Then we get such windy statements as this:
From the standpoint of the relevant correction, away from
Cartesian-like. mechanistic models of the individual in society, such as that on
which Dr. Post's mechanistic rationalizations have largely depended, and, into
the relevant dynamic view from the standpoint of historical development of
cultures, and within cultures: the basis for all competent systems of law is
located in the subject of that specific quality of immortality which sets the
human individual apart from the category of Hobbesian-like, Thrasymachus-like
beasts, beasts such as those of our contemporary so-called "neo-conservative"
followers of Chicago University's malignant protégé of the Nazi "Crown Jurist"
Carl Schmitt, Professor Leo Strauss, or the Bush-Cheney pair.
Once the implications of a reductionist Euclidean geometry are
recognized in the method of Descartes, the extent of corruption of modern
scientific and other education by the influence of the application of the
Cartesian method to virtually every area of contemporary education, since
approximately the last decades of the Seventeenth Century, becomes a source of
deep insight into the way in which the mental faculties of our educated strata
in general, and the hysterical fanaticism which that conditioning has imbued
among our professionals. The progress of the LYM implies the unleashing of a
vast intellectual potential within our population, if the systemic corruption of
Cartesianism were removed from public education.
When these choral works are performed according to the composer's
intention, there are passages which prompt a sense of exquisite beauty in the
audience—and the director. This effect is a reflection of the same principle of
modality most famously associated with Beethoven's Opus 132 string quartet, and
is associated also with the same modality, the pivotal Lydian modality within
the Ave Verum Corpus. The manifestation of this experience of agapic passion
assures the director who has crafted the performance that the interpretation of
the composition is correct. It is, reciprocally, the function of those
modalities which defines the way in which a well-tempered composition must be
performed, in order to produce both that moment of passion, and to discover that
the crafting of the subtler, model adjustment of tonalities within the
performance of the work has been correct, and has caused the entire piece to be
experienced as a single seamless idea, from beginning to end. It is that effect
which proves to the musicians, and the sensible audience, that the
interpretation is a correct reading of the way in which to conduct, as Wilhelm
Furtwängler prescribed, "as if between the notes." The principles of the Bach
well-tempered system have nothing to do with reductionist mathematics of the
scale, but the obligation to evoke the relevant moments of passion in a way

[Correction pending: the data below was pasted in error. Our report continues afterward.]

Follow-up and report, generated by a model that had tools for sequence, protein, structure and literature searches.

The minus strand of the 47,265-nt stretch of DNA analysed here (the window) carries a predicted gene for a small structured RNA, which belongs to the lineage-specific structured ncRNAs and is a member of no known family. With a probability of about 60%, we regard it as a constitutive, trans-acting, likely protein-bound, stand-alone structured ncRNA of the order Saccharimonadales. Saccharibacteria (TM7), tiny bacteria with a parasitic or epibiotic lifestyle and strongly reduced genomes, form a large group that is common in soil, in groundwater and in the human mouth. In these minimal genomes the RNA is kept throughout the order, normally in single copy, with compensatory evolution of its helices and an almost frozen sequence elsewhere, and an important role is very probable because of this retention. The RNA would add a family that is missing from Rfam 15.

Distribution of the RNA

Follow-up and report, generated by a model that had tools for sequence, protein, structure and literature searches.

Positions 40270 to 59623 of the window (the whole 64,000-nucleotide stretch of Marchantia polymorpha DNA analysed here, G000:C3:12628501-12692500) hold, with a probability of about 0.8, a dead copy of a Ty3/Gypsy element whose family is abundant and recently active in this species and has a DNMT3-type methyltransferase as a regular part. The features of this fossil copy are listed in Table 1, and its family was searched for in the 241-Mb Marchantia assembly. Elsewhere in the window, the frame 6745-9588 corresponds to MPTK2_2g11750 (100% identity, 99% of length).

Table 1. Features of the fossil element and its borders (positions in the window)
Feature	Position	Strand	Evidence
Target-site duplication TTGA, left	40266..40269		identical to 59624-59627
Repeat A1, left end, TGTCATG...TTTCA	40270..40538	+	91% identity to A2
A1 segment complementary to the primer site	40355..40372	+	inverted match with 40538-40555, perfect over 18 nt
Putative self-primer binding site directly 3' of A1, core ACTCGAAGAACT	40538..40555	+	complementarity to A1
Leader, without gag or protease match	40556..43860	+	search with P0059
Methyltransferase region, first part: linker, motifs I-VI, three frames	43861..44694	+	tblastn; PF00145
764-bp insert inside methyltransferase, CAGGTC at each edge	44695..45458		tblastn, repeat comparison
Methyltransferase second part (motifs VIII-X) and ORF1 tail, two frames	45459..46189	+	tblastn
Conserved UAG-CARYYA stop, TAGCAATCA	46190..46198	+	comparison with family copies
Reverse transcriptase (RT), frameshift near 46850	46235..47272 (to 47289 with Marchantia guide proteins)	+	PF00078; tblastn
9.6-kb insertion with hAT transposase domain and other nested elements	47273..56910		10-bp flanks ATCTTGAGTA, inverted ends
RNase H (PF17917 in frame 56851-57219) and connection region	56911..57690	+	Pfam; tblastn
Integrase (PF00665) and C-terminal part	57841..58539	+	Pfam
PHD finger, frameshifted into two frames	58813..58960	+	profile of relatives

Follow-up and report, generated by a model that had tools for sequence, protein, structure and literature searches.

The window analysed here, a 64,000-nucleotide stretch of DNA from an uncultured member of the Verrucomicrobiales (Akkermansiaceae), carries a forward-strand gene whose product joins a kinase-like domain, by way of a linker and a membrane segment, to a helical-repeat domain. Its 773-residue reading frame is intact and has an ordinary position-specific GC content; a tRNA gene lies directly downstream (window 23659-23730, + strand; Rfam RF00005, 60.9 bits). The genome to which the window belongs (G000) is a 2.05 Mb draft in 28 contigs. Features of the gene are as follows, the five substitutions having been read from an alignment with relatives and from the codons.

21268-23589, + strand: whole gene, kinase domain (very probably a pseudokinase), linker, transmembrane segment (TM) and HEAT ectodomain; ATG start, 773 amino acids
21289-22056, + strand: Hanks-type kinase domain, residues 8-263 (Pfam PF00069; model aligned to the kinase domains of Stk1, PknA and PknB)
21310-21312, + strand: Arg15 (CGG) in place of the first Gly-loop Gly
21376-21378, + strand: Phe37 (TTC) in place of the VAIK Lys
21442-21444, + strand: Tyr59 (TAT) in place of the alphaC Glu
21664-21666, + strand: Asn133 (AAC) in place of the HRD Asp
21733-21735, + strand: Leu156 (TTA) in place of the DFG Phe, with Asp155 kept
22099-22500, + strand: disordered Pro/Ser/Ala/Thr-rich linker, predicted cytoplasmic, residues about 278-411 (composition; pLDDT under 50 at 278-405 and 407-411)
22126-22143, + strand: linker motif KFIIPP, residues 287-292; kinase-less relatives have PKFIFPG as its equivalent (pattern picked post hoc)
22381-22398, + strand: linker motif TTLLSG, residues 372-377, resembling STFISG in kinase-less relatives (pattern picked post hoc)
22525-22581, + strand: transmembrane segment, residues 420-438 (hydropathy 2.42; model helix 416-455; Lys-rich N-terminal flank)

which generates that unity of effect.
All of which has dick to do with Dick.
This kind of book learning preening shows us unequivocally that LaRouche is less interested in making the case so promised in the title, but in showboating and name dropping the Top Dogs of Western Civ. Like most third-party candidates for president (and first and second party ones too), LaRouche is little more than a puffed up ego crammed with bombast and self-regard. Certainly he’s 100% correct when he writes “What Dick Cheney is doing today is disgusting. He is a threat not because he is disgusting, very disgusting, but because his actions are a threat to the future of mankind,” but why does Gauss and Louis Pasteur have to get involved? Why do we need to know that the “LaRouche Youth Movement” makes “doubling the square” and “doubling the cube…the subject of day-to-day educational work”?
The economic pamphlet is filled with another long-winded essay, this one actually sticking more to the elements of economy and supplied with more graphics (thus making it significantly shorter). The first page again shows us the fearless “Democratic Party leader” under the bold headline “LaRouche Intervenes” though it’s never spelled out who, what, or how he intervened and what the results of said intervention were. For serious furrow-browed sincerity, LaRouche’s essay is section and paragraph numbered like a scientific treatise or bill before Congress, thus paragraph three of section four is headed with a bold “4.3” fooling someone I’m sure into thinking this is some legit shit.
Nevertheless, LaRouche can’t resist showing off his faux erudition and we get pointless drift offs into the Monroe Doctrine, the fall of the Muller government in Germany, FDR (again), Venetian financiers, Nicholas of Cusa (again), Napoleon (again), Reagan and SDI (sigh, again), the Treaty of Westphalia (yes, that old rag again), Kepler (Christ, him again? What the fuck does he have to do with economics?), and of course, Plato and Pythagoras. No word on whether the Youth Movement’s efforts to spread the good news about the cube being squared have helped out in that area.
This pamphlet is padded out with a couple of “dialogues” LaRouche presents as some sort of seekers desperate for answers approaching the guru. The claim is made that they are “moderated” by a third party, though this third party merely serves up the questions to which LaRouche filibusters typical answers. The questions are supposedly emailed and written in to LaRouche from all kinds of Washington, D.C. insiders, lobbyists, etc. This is probably similar to the advertised “LaRouche Debates The Senate.”
Each of these magazine-sized pamphlets mentions on its cover that there is a suggested donation of $5 per, though I managed to nab them for nothing at all. There were so many laughs in reading this ridiculous twaddle that I would have gladly paid five dollars for at least the Cheney one. However, should you feel the urge to peruse this kind of thing, you can easily find many of LaRouche’s crackpot notions in html and pdf formats from his site.